My career and life in radio seeps through many places in my work. Radio is a fascinating world and not that many people get a chance to work behind the microphone like that. I found bringing it to life in book form easy since I was in it for so long and also a lot of fun.

While I enjoyed scriptwriting and still occasionally dabble in that work, scripts were generally 60 seconds in length at the longest. And as a writer, it’s hard for me to stop once I’m on a roll! I’ve found that fiction writing is much more suited to my lengthiness. I’m not sure that’s a word.  And while I enjoyed many aspects of radio, my only regret is that I didn’t jump into the fiction world sooner.

About the Author

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Brooke Williams writes in a sleep-deprived state while her daughters nap. Her romantic comedy is best read in the same state. Brooke has twelve years of radio in her background, both behind the scenes and on the air. She was also a television traffic reporter for a short time despite the fact that she could care less about hair and make-up. Today, Brooke stays at home with her daughters and works as a freelance writer for a variety of companies. When she isn’t working for paying clients, she makes things up, which results in books like “Accept this Dandelion.”  Brooke is also the author of “Wrong Place, Right Time,” “Someone Always Loved You,” and “Beyond the Bars.” And she looks forward to the upcoming released of “Mamarazzi” and “Baby Sheep Gets a Haircut.” Brooke and her husband Sean have been married since 2002 and have two beautiful daughters, Kaelyn (5) and Sadie (nearly 2).

Connect with Brooke:

Praise for Accept this Dandelion

"This book is adorable. I had to sneak away from my desk to read the rest of it once I started. It had my smiling and laughing the whole way through."
-Sarah, Advanced Reader Copy Review

What could possibly evolve from such a strange attraction? That's the meat of Accept this Dandelion, purportedly a romance, but in essence so much more. Acceptance is, indeed, at the heart of Accept this Dandelion: acceptance of self, others, and the paths life offers up, whether for good or bad.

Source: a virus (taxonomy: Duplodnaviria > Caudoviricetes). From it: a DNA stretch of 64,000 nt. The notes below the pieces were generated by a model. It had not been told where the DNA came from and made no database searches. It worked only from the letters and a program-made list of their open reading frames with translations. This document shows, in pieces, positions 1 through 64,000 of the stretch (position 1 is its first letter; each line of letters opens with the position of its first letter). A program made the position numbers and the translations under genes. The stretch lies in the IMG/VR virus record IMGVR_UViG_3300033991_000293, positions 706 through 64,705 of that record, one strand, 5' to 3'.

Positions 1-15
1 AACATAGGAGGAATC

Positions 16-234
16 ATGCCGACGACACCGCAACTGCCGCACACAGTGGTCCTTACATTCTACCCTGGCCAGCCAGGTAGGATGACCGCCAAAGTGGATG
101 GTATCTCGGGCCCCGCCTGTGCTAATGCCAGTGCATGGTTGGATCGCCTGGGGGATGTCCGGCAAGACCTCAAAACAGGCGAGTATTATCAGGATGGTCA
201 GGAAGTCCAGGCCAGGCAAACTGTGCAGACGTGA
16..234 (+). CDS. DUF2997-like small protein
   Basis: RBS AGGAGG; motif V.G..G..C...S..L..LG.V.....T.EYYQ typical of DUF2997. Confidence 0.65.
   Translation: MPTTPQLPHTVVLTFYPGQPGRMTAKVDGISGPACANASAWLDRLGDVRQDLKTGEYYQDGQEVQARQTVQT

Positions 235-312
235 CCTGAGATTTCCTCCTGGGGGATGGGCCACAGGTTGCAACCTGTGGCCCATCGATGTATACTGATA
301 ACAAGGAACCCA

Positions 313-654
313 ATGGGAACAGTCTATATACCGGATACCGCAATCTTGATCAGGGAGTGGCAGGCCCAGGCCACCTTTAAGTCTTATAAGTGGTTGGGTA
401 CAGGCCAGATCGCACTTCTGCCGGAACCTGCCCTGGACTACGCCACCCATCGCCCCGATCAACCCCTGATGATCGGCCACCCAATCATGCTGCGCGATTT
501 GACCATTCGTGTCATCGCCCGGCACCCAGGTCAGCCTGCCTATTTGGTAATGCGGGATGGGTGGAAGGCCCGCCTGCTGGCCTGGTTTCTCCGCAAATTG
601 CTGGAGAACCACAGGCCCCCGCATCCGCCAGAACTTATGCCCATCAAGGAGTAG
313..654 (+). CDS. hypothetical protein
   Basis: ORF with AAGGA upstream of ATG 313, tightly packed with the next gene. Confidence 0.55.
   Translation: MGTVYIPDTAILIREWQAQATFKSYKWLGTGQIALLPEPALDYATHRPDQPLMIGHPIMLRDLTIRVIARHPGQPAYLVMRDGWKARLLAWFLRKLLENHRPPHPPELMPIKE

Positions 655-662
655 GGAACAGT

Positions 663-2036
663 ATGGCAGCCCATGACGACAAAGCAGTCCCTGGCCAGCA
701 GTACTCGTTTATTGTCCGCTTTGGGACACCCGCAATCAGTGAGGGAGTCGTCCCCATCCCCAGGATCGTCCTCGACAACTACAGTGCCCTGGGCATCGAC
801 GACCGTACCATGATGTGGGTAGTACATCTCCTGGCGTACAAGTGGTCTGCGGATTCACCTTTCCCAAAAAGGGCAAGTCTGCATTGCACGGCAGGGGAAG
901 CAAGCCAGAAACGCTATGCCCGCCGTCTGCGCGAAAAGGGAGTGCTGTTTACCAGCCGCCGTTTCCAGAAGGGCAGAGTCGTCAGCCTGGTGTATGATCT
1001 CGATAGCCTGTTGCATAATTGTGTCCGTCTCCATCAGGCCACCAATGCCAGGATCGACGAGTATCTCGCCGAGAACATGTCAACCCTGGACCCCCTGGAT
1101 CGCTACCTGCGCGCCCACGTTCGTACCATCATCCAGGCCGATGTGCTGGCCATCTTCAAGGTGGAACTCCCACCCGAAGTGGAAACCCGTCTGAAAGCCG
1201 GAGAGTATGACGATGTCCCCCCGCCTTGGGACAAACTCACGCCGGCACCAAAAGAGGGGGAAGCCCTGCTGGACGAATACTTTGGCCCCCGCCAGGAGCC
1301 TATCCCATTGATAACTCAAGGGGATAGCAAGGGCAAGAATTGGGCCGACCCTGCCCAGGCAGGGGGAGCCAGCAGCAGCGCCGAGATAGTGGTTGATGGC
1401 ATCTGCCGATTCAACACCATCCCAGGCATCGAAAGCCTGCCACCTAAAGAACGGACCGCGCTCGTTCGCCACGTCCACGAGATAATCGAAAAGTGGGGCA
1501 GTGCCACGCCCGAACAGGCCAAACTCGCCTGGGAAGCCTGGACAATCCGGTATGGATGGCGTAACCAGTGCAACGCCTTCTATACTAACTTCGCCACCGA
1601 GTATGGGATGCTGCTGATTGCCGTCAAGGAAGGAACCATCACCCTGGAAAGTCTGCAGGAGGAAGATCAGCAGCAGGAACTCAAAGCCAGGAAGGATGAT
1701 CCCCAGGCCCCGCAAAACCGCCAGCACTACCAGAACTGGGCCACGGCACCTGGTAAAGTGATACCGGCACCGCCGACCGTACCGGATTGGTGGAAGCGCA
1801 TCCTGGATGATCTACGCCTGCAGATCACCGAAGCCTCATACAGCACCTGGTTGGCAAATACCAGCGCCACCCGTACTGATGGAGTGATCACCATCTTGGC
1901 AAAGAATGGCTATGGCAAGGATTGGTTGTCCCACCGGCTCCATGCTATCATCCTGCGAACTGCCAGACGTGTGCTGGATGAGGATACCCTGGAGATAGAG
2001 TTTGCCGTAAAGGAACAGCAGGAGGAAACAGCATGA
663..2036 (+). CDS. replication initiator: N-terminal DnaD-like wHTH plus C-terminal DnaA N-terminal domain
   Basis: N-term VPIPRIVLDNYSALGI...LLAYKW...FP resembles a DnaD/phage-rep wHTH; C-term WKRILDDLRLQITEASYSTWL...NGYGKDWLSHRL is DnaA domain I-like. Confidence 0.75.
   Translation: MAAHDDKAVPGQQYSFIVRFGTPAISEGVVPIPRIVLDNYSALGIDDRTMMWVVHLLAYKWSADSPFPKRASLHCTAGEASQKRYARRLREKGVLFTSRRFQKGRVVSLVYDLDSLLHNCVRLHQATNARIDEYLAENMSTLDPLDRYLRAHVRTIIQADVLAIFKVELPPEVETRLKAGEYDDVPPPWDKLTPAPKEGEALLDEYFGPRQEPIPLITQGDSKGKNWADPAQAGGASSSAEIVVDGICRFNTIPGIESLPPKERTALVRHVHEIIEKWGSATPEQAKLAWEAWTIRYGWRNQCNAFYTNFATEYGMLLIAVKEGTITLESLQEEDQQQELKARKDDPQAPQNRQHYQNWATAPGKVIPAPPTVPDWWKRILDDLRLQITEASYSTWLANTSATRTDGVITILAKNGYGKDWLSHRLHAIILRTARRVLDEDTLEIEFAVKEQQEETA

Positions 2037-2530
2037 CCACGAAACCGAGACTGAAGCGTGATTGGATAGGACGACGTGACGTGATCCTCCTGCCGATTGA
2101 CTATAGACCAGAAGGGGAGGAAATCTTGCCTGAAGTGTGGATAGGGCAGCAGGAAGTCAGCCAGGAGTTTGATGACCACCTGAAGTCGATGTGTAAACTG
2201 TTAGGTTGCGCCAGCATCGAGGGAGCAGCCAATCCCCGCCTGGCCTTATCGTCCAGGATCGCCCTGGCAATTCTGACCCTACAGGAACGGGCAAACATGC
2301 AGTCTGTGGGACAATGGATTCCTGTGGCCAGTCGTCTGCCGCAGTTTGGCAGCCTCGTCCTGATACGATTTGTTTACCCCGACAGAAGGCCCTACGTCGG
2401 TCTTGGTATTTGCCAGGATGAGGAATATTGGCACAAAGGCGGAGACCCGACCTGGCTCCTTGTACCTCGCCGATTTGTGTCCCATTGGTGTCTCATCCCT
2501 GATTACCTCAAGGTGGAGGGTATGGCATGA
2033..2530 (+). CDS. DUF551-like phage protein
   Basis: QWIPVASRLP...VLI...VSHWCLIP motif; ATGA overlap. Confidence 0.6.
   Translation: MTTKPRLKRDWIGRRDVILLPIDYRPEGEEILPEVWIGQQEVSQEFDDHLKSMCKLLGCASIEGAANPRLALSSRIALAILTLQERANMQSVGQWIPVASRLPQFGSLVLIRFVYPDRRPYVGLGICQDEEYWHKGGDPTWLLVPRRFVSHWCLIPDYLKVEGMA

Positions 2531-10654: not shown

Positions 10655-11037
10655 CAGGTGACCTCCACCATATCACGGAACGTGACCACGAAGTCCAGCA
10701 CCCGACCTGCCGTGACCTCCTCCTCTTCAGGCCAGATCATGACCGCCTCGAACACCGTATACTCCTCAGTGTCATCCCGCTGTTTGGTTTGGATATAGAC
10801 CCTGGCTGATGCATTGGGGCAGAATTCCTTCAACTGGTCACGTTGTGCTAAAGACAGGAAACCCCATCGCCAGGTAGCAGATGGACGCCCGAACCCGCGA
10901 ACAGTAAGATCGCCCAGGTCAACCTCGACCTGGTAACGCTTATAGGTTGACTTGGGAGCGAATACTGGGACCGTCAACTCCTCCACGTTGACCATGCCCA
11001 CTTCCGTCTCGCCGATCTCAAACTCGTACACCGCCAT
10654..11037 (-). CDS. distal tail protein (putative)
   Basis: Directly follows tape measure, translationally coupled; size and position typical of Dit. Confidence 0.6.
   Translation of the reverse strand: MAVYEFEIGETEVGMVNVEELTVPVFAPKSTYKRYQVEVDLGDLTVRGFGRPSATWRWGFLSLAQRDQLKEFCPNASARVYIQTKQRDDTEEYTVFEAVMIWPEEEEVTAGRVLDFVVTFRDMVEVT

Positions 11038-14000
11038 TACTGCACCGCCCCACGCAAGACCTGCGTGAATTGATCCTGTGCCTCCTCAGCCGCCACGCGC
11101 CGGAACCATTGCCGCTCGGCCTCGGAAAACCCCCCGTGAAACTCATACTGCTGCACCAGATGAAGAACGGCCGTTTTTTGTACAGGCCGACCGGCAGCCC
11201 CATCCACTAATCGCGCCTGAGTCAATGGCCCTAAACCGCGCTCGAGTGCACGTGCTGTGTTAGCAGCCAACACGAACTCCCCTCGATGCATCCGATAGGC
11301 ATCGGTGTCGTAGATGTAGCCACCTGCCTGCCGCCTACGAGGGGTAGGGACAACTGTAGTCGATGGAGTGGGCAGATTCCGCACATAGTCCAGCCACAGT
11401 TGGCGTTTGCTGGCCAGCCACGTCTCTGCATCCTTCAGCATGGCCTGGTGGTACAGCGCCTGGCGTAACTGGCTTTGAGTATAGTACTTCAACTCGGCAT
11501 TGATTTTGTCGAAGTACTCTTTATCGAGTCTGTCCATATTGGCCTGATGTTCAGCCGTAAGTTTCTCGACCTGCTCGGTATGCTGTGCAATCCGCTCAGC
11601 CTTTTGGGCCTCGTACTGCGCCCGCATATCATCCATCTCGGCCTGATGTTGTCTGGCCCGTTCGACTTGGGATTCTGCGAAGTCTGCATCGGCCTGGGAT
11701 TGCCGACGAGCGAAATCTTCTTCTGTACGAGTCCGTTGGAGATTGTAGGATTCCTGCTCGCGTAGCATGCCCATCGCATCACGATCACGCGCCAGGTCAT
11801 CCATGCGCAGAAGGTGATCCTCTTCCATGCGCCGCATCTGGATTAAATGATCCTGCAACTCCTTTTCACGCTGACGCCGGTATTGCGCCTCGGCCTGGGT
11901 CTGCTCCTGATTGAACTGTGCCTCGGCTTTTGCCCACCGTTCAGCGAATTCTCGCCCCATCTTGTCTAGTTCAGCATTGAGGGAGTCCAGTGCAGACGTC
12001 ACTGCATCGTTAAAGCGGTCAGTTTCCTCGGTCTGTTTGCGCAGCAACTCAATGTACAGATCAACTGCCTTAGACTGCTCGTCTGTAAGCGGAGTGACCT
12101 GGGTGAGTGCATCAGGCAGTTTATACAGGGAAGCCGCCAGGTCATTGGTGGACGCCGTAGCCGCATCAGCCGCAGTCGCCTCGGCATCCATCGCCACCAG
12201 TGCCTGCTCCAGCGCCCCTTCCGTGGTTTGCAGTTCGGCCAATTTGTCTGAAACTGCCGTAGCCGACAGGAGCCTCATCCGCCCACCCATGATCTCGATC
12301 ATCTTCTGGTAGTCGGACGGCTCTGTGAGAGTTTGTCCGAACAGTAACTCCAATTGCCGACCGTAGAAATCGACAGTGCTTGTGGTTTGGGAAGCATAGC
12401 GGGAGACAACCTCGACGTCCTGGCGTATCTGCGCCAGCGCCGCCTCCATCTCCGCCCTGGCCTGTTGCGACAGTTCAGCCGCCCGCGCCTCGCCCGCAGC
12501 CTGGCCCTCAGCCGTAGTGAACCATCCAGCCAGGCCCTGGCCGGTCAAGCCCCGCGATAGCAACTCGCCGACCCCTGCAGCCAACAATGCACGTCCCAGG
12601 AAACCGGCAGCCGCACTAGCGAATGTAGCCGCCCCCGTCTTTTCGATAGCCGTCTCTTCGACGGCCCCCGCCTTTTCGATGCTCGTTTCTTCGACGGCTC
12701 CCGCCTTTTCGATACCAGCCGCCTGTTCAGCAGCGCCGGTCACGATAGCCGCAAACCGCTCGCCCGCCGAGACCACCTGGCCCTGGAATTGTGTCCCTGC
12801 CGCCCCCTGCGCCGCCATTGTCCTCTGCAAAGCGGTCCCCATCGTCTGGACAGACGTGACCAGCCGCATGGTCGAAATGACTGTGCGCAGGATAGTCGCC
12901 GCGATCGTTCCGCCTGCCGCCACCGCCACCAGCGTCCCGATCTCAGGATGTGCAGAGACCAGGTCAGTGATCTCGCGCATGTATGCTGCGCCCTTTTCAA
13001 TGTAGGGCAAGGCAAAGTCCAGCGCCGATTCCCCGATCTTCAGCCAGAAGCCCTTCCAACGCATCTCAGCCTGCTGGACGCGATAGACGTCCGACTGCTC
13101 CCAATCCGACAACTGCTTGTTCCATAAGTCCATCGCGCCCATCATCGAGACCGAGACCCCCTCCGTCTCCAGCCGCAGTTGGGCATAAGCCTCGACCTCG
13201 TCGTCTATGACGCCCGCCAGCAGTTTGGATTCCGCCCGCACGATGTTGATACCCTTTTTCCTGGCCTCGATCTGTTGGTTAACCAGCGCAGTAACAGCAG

-D. Donovan, eBook Reviewer, MBR
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Renee leaned way over in her chair, throwing her arm up beside her for dramatic effect. She had the perfect line to close her short ad, but instead of delivering it, she flung one of the flickering candles to the floor with a loud crash.
“Fire!” she screamed as she realized the flame had not extinguished, but rather had transferred itself to the hem of her dress.
Before Renee could stop drop and roll, Ben leapt from his chair and threw himself across the small space separating them. The pressure of his body against her leg put out the fire instantly, but it also toppled her chair over, leaving them in a heap on the concrete.
Renee found herself on her side with Ben’s breath on her cheek. She slowly turned her head, though what she really wanted to do was push him away and run out of the studio as fast as possible.
“That was quite a commercial.” Ben didn’t make a move to rise. “Are you okay?”
Renee wasn’t sure how the dress looked, but there were no burning sensations on her leg. There was a twinge in the pit of her stomach. She nodded. “I’m okay.” She met his eyes and allowed herself a few beats to study him closely. He was handsome. And now, he was even a hero. Though he wouldn’t have had to save her from burning flames had she not set herself on fire.
Ben deftly got to his feet and pulled Renee from her chair as the producer rushed over and the camera operators stood by, panning down to capture Renee’s smoldering dress.
“Hey, Renee,” Ben whispered into her ear, “next time there’s fire between us, I’m not going to put it out.”